The entire play is replete with misunderstandings and a series of breathtakingly intricate lies and springs one of the Western world’s greatest comedies. Even when it serves no discernible purpose, Dorante compulsively and ceaselessly makes false statements. This sublimely funny adaptation, written in rhymed iambic pentameter, is packed full of verbal ingenuity and has thrilled audiences in New York and across the country. CMU Drama alums Ethan Saks and Erika Strasburg play Dorante, the title character, and Clarice, the object of his affections, with Kinetic associate artist Sam Tsoutsouvas as Dorante’s clueless father, Geronte. Sumptuous scenery by Gianni Downs and costumes by Kim Brown make this a visual feast to match Ives’ hilarious text.
The Liar runs from July 13 through July 30, 2017 at the Henry Heymann Theater on the campus of the University of Pittsburgh’s Cathedral of Learning.
With religion and ethics having been explored, Kinetic Theatre’s third and final production this year is Mike Bartlett’s comedy Love, Love, Love. The show serves basically as an indictment on the “baby boomer” generation. This offering, divided up into three acts, explores the lives of a couple who meet and marry in the era of the Beatles – 1967 – the years of drugs, sex, and rock and roll – to their lives in typical suburbia in 1990 raising two children who are antagonist to their parents, to the final scene which takes place in 2011 when their ungrateful daughter shows up and demands that her parents buy her a house because they “owe her a life” that they didn’t provide her growing up. The main characters advance from the ages of 19 to 64. Love, Love, Love, states New York Times critic Ben Brantley in his rave review of the play’s American Premiere last November at the Roundabout Theatre Company, “pulls you along through the decades with galloping satirical wit as Bartlett’s heat-seeking intelligence locates telling and authentic emotional detail.”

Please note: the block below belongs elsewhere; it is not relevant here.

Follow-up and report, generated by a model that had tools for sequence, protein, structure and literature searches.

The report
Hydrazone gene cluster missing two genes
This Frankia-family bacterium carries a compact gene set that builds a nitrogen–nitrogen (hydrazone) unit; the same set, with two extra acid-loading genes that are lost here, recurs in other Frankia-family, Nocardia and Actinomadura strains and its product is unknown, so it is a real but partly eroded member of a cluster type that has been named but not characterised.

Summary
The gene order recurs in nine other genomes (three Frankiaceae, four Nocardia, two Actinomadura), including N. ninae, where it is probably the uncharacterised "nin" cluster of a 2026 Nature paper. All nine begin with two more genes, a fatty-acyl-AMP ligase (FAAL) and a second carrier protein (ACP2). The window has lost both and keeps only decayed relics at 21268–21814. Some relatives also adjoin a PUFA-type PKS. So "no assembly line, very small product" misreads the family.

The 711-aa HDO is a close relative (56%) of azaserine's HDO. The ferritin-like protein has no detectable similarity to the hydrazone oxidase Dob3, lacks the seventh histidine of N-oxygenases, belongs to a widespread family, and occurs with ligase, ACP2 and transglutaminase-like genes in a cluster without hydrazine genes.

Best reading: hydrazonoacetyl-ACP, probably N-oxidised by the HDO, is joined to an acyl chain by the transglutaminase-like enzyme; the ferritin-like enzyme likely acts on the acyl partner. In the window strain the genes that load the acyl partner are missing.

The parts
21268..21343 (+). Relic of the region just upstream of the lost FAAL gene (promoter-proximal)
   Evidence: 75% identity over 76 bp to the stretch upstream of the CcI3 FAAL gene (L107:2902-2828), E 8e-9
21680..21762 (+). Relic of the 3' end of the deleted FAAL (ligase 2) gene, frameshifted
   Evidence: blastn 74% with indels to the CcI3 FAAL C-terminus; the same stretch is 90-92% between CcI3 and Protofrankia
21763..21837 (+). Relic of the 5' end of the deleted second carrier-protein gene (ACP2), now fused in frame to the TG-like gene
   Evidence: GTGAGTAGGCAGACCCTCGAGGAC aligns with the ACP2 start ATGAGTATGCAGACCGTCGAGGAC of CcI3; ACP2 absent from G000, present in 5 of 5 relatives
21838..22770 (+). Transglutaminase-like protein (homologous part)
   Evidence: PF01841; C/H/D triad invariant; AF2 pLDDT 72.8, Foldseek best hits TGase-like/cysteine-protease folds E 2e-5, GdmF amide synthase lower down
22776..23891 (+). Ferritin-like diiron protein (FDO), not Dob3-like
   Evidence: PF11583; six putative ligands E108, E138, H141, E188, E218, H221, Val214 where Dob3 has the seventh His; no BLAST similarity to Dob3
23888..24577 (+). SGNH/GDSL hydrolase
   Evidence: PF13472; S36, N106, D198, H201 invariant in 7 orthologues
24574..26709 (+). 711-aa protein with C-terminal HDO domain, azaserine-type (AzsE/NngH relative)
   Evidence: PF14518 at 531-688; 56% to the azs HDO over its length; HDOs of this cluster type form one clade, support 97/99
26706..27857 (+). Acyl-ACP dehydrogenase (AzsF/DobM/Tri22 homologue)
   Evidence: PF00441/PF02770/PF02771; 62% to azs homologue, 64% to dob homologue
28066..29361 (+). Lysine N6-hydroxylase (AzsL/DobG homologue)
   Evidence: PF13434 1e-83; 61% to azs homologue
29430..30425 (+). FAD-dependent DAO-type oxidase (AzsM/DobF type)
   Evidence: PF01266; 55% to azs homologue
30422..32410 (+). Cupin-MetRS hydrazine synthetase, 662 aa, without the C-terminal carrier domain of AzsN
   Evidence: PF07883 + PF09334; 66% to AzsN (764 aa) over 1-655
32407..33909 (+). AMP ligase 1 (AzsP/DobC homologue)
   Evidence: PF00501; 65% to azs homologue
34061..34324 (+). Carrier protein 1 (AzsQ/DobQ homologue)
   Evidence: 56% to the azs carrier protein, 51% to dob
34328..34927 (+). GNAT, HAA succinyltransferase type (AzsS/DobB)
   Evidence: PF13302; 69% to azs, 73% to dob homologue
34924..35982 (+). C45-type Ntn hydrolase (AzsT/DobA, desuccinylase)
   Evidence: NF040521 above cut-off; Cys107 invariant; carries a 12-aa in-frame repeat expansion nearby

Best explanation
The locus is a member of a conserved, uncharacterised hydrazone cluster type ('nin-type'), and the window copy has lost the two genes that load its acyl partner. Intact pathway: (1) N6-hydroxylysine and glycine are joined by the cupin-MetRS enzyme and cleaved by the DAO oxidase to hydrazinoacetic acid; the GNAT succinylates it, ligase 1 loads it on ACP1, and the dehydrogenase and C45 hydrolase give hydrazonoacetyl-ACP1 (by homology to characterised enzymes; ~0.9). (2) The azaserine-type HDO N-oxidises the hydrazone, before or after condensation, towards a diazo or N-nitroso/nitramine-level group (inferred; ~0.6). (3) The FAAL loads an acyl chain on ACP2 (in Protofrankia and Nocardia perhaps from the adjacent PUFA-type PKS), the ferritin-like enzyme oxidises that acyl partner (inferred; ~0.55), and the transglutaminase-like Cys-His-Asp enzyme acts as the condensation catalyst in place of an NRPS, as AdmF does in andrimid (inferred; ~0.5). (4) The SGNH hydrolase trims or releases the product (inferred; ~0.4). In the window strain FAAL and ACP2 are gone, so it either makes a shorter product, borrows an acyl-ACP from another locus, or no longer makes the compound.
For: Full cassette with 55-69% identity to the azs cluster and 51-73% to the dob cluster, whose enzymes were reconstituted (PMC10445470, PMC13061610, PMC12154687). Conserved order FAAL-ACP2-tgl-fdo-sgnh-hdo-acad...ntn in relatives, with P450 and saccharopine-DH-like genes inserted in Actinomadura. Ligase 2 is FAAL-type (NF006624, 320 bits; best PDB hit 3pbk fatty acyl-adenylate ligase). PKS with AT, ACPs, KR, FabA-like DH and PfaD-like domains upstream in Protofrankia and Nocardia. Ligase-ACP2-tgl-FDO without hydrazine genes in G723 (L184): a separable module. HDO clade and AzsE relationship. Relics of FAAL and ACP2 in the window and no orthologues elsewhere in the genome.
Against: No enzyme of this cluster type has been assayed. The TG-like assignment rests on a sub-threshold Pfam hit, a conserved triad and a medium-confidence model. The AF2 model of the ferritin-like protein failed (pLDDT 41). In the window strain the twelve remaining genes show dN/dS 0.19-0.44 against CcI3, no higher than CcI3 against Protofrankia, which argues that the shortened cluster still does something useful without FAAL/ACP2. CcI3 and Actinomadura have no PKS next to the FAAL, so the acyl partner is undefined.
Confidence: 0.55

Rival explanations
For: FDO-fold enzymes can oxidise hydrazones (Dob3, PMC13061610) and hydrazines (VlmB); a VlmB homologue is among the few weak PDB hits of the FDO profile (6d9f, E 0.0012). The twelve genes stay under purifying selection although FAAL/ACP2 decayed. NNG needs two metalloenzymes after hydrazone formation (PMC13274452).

Love, Love Love has yet to be cast, but knowing how much talented actors are attracted to Paul’s ironic and satirical style, it certainly will be replete with branded thespians who are more than prepared to entertain.
Love, Love, Love runs from November 30 through December 13 at the Pittsburgh Playwrights Theatre, 937 Liberty Avenue, Downtown.